Not only is the Jaguar Friendly program a mutually beneficial partnership between farmer and animal, they go into great detail in how the certification actually works. Coffee farms under this certification have to dedicate certain areas of land to the jaguar’s territory, including planting trees in certain locations and focusing on shade-grown coffee to reduce the need for expensive methods of cultivation. The goal is to reduce dangerous encounters and the worst-case scenario of killing an already threatened species.

Consider looking for this label on your next bag of coffee beans. What goes around comes around, as the saying goes, and this is a very forward-thinking initiative, indeed.

merit coffee
coffee

Decaf, Decaf Everywhere: Merit Coffee Co.’s Sugarcane Decaf

This decaf coffee was a long time coming.

I keep a list of American roasters that offer decaf in their line-up. Why? Because even now, many don’t prioritize decaffeinating their beans. It’s a combination of a few factors. Coffee is already a very intensive process. You have the planting, cultivation, and harvesting of coffee on the producer end. Then there’s processing the beans using methods ranging from natural to wet. Then you have to store them, ship them, then roast them before they even reach the consumer.

Decaffeination is just another step in a pile of them. As much as it pains me to say, I can understand why the already strained coffee production line-up opts out.

Merit Coffee Co. is one of the first roasters I ever wrote down in my list, catching my eye with their elegant packaging design and their commitment to high-quality, single-origin coffee. While they only have one decaf bag to their name, it’s one I was eager to try for its lovely sounding flavor profile. They’re one of the more expensive single-origin decaf bags I’ve had to buy, too, and that’s on top of details like shipping and sales tax.

Was it worth it? Let’s take a look:

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sparrows coffee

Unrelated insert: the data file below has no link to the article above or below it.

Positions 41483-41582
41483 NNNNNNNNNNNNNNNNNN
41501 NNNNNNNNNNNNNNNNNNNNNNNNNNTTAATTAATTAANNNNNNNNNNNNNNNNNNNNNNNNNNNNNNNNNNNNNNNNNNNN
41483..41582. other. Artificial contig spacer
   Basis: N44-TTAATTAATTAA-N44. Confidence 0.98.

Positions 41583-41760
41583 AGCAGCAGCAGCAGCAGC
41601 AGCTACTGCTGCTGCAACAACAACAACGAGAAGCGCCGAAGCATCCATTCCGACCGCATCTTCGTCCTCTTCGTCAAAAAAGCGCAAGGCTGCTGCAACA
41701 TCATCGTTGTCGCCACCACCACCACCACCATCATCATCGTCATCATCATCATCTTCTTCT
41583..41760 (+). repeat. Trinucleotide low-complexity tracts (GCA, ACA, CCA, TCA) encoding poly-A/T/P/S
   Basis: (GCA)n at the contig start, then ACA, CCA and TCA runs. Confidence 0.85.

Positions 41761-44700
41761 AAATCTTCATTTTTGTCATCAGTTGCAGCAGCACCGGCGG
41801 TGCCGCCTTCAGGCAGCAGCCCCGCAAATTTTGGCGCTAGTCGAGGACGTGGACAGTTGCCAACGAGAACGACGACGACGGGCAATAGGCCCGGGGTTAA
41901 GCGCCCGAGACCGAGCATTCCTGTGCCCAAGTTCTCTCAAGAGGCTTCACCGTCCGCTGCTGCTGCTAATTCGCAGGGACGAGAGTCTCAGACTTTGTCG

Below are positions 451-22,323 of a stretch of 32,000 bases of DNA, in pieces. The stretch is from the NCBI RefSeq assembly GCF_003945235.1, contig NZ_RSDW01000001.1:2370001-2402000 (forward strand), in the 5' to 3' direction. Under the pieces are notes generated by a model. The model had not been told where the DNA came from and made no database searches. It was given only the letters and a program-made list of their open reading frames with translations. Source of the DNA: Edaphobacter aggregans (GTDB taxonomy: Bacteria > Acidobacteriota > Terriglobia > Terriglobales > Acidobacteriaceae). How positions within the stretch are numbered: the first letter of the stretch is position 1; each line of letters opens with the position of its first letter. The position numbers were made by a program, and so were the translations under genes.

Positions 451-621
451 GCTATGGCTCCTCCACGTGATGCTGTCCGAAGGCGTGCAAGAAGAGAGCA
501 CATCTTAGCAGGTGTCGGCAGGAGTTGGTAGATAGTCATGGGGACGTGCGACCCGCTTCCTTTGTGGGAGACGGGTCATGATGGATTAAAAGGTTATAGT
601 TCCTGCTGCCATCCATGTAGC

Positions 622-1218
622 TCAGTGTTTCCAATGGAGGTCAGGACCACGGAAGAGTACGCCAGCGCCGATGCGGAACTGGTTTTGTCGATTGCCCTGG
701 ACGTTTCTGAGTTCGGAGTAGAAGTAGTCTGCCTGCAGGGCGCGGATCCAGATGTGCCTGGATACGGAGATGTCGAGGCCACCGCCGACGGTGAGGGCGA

coffee, review

Decaf, Decaf Everywhere: Sparrows Coffee Decaf La Serrania

I just love good packaging design. Some believe it to be a secondary detail to the coffee, but to me, they’re two sides of the same coin.

You eat with your eyes first, as the saying goes. Packaging design has a tall order standing out from the rest of the competition while ticking off the basics of communication design: the who, what and why. Coffee packaging, whether ground or whole, has a common list of must-have details to get customers involved at a glance. Origin, decaffeination method, roast level, roast date, flavor notes…just to name a few. Some go the extra mile and list off altitude, processing method and the coffee bean variety.

Sparrows Coffee‘s splashy design is a great starting point, but how does the coffee itself stack up? If you want to start trying out specialty decaf coffee (and the occasional wholesale variety) yourself, check out my directory to get started with today’s best American coffee roasters. I recently reviewed the sweet and fruity Ruby Coffee Roasters’ Decaf Cauca, as well as the earthy Kuma Coffee’s Peru San Ignacio Decaf.

Let’s dive in:

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coffee

This Cafe Wants You To Try A Charcoal Latte. Don’t.

Do I even need to get any more specific?

Food Insider recently posted a video on a London cafe offering an innovative ‘charcoal latte’ designed for people who don’t want to drink decaf. Because, you know…decaf coffee doesn’t exist. They proceed to compare it with their recent matcha and turmeric latte offerings, two vastly superior and safer options that don’t involve you consuming ashy remains.

To put things in perspective, I won’t even eat toast that’s too burnt. …Yeah. Now imagine a cup full of the stuff.

This is more than just a gross idea. Did you know charcoal can alter your hormone levels and affect the validity of hormonal birth control? How about the fact it can block up your intestinal tract if you consume too much? I thought cafes shunning COVID-19 safety protocol were dangerous, but this might just take the cake. The prettiest latte art in the world doesn’t hide the fact that you’re drinking the burnt detritus of what was actually food, once upon a time.

(and if you want to detoxify your body, take solace in the fact your liver is already doing that)

Now, yes, activated charcoal pills are recommended by doctors in rare cases for overdoses. This, though, is just too much to be chugging weekly. Pretty latte art and twee glass mason jars won’t hide the fact this is an actual health hazard being marketed as a hip new idea to unsuspecting customers.